Using these datasets to train algorithms and develop tools for the detection of for example polyps in the colon can be of great assistance in clinics as artificial intelligence can discover what doctors may have missed. On average, depending a bit on the study, it seems like about  20% of polyps are missed during colonoscopies. 

– This is how we got into the work with these datasets. We had been doing video analysis for a while, and got in touch with some doctors that raised a challenge in their examinations; polyps get overlooked, says Halvorsen. 

The work was first initiated in collaboration with researchers from Tromsø University, and later with Bærum hospital, Cancer Registry, Oslo University Hospital, and Karolinska University Hospital.

The datasets

The first dataset, Kvasir, was released in 2017 and consisted of 1000 high-resolution gastrointestinal polyp images. Then, in 2019, Kvasir-SEG was released, a subset of Kvasir where the images are segmented. The segmentation was done by doctors and cross-verified by professional gastroenterologists. This is the dataset that is being used in the Clara Holoscan, and mentioned in the 2022 AI Index. 

– Segmentation in computer vision is very popular and beneficial. In this dataset, you can tell, for example, the location of a polyp in an image, and not just that it exists within the image, says Riegler.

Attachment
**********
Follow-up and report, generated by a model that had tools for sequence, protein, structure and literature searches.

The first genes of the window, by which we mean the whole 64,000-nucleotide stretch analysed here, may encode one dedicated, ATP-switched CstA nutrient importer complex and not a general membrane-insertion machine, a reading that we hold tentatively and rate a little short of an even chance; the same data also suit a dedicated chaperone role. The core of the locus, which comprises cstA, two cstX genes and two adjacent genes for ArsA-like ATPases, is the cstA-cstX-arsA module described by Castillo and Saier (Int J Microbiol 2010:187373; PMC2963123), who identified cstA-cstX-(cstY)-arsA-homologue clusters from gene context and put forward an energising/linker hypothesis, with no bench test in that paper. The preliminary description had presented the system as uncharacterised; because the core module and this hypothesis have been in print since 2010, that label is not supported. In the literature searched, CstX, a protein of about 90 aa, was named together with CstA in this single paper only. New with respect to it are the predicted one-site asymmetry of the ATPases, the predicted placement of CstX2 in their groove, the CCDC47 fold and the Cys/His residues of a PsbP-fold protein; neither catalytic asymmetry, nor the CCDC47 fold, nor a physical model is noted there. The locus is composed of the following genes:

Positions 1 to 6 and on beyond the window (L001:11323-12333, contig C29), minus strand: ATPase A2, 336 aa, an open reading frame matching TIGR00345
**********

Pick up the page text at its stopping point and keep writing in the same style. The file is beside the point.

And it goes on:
In addition, researchers from the department of Holistic Systems have further built the datasets HyperKvasir (2020), the largest gastrointestinal dataset in the world, Kvasir-Capsule (2021), and Kvasir-instruments (2021). Both HyperKvasir and Kvasir-Capsule were published by Nature Scientific Data.

Segmentation of polyps at a fast pace 

Machine learning models have also been developed and tested, and the images have been used to train these models. The most recent one, ColonSegNet, was introduced through the paper titled “Real-Time Polyp Detection, Localization and Segmentation in Colonoscopy Using Deep Learning” (pubmed.ncbi.nlm.nih.gov). ColonSegNet is an encoder-decoder architecture for segmentation of colonoscopy images. 

– This machine learning model is trained on the Kvasir-SEG dataset. It is specially made for the segmentation of polyps, and to do that at a fast pace, says Riegler.

Positive results through testing

A start-up company named Augere Medical (augere.md) has spun out from these research activities, and both Pål and Michael are involved in their work. Augere Medical is led by Andreas Petlund. 

– We have a goal in our work to put our results back into use in society, and we saw potential and decided to make a whole system. The system has been tested in several clinics. The results are promising, and the doctors find it helpful, says Halvorsen. 

The future

Currently, researchers at HOST are working on simpler ways to share even more data, and how it can be obtained. Especially, synthetic data holds a lot of potential in the context of medical research. It makes it easier to share data, but also to create more data from, for example, uncommon diseases, which can then be used to train better models. An example of this is shown in a paper by researchers from HOST, titled SinGAN-Seg: Synthetic training data generation for medical image segmentation (https://journals.plos.org). In this paper, synthetic polyp images and segmentation masks were used to train an image segmentation model.